Contributors: Victoria Bourne, Matthew Korfhage, Kimberly Pierceall, Denise M. Watson, Ben Swenson
Welcome back to the world – sort of.
Virginia has pried the door open a bit more on its efforts to rejoin the world. We can again eat at a buffet without pointing and waiting; we can swim in a pool and not stick to one lane; we can bowl, roller skate, hit arcades, gamble (with something other than our health) and participate in most of the things we did before the world turned on its head.
Of course, by the time you read this, all of that might have changed. But, yay for now!
Three generations of greatness
One of the iconic families of American art is being featured at the Peninsula Fine Arts Center in Newport News. The Wyeths: Three Generations | Works from the Bank of America Collection opened in July and runs through Nov. 8. The exhibit features 74 works by N.C. Wyeth; his son, Andrew; and his grandson, Jamie.
“PFAC is incredibly proud we can offer this exhibition to as many members of our community as possible through reduced admission and community programming,” said Courtney Gardner, executive director.
The most famous Wyeth is Andrew, a realist who crafted masterpieces such as Christina’s World and Winter 1946. He worked in a regionalist style, often capturing the land and the people of Chadds Ford Township, Pennsylvania, and Cushing, Maine. Andrew avoided traditional oil paints and became masterful at egg tempera and watercolors.
His father, N.C. Wyeth, is known as one of America’s greatest illustrators, often painting cowboys and farm scenes. Later, he illustrated classic literature and fantasy stories, including his much-acclaimed illustrated edition of Treasure Island by Robert Louis Stevenson. Illustrations for stories by Stevenson and Sir Arthur Conan Doyle are among the works included in the exhibition.
Jamie Wyeth, son of Andrew, joined his family as a contemporary realist painter specializing in art depicting his native Brandywine River area of Delaware and Pennsylvania. In contrast to his father, Jamie works in oil and mixed media, creating lush painterly surfaces. Eighteen paintings in the exhibition represent all the periods of Jamie’s career.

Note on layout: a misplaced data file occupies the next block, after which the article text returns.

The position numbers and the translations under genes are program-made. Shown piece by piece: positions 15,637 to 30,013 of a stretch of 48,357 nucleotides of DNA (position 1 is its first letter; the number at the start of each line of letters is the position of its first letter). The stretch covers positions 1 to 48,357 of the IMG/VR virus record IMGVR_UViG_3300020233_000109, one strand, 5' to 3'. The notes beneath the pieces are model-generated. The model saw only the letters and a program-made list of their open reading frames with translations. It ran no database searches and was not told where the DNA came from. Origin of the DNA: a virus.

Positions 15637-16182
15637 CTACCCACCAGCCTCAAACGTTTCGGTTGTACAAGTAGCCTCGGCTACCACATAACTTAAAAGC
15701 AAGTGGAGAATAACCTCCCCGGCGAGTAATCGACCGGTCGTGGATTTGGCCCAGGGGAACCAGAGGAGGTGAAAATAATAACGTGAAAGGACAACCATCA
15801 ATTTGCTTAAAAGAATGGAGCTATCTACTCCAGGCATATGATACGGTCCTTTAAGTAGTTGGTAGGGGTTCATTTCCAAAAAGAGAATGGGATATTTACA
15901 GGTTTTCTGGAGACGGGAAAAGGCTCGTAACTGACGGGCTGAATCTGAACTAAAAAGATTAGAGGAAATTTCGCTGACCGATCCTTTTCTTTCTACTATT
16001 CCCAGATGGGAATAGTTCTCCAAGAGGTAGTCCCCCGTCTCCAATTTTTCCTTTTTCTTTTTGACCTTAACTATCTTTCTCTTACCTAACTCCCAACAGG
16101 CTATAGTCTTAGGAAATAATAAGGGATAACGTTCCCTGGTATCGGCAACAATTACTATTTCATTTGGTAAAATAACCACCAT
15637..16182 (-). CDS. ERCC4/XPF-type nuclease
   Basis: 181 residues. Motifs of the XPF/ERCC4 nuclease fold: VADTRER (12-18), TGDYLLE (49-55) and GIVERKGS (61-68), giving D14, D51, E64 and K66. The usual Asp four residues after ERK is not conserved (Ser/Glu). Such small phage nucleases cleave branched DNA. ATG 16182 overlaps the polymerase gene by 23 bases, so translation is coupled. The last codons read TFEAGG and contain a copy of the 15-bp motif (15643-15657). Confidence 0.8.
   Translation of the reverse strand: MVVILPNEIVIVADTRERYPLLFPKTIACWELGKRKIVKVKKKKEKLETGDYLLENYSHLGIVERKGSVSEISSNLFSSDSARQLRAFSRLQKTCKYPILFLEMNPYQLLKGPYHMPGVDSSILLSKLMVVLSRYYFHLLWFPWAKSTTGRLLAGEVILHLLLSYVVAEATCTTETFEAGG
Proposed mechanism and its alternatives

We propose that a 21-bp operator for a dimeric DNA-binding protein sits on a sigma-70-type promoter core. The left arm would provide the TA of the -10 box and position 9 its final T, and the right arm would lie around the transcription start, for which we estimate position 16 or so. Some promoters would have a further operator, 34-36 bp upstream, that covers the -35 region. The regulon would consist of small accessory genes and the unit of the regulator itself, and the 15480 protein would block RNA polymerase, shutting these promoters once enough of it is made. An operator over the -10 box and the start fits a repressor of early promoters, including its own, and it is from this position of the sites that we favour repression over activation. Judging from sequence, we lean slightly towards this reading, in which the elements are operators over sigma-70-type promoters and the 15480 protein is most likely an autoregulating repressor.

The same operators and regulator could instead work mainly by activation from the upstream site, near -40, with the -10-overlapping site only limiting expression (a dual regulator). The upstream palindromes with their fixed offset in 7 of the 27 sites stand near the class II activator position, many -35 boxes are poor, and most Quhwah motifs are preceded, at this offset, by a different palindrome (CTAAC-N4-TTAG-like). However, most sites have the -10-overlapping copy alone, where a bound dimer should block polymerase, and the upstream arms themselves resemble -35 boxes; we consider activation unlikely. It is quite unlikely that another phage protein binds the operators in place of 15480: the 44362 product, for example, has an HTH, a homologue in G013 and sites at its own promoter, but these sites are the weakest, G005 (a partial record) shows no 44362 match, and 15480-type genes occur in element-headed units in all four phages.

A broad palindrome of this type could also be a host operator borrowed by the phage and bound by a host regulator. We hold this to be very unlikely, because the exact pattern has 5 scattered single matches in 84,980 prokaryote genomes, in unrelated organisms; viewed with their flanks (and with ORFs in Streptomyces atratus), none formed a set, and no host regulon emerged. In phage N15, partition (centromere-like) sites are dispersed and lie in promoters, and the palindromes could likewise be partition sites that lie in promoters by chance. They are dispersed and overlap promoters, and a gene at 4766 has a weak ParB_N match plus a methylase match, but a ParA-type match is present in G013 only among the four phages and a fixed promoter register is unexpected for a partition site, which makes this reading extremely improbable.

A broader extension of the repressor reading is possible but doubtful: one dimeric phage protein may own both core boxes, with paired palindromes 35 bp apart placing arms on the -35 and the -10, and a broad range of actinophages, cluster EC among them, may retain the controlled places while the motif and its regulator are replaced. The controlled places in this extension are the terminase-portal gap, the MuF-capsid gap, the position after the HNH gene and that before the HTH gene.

The museum will present public programs and events, including a visit from Andrew’s granddaughter, Victoria Wyeth, further illustrating the rich artistic legacy of one American family.
Speakeasy and make a big drink
The term speakeasy generally conjures visions of big cities, dark alleys and whispered passwords. But in a recent issue of The Virginian-Pilot, food writer Matthew Korfhage talks about his discovery of a new cocktail speakeasy on the edge of Suffolk farm country.
The new place, in a hidden room behind Fin & Tonic restaurant, across from Bennett’s Creek Farm Market & Deli, “is a dimly lit lounge where you can find yourself drinking elegant fizzy cocktails while spearing a tender tendril of Spanish octopus from a bed of black lentil.”
Korfhage goes on to say that the speakeasy “is a place of almost self-consciously esoteric tipples, where a Negroni might have its gin infused with green tea or swapped out with mezcal for bracing smokiness.”
Um … sign us up!
Of course, COVID-19 means social-distancing rules apply, so make sure you call ahead, because space is limited.
The Hermitage Museum & Gardens is now open from 10 a.m. to 5 p.m. Tuesday through Sunday. A special exhibition, Unknown Outcome, focuses on climate change and examines the human impact on the environment. The museum invites people to attend an event featuring the exhibit’s 10 artists from 6 to 9 p.m. on Aug. 13. It’s an opportunity to enjoy hors d’oeuvres and mingle, but also to learn more about the artists’ work and creative process. Cost to members is free with advance registration; it’s $8 for non-members.
New joint in Charlottesville
Charlottesville has a new spot that offers an interesting collaboration between chefs, brewers, vintners and coffee roasters. The Wool Factory, a 12,000-square-foot-project located at The Historic Woolen Mills a mile from downtown, features an expansive event space, a craft microbrewery, an ingredient-driven restaurant and a coffee and wine shop.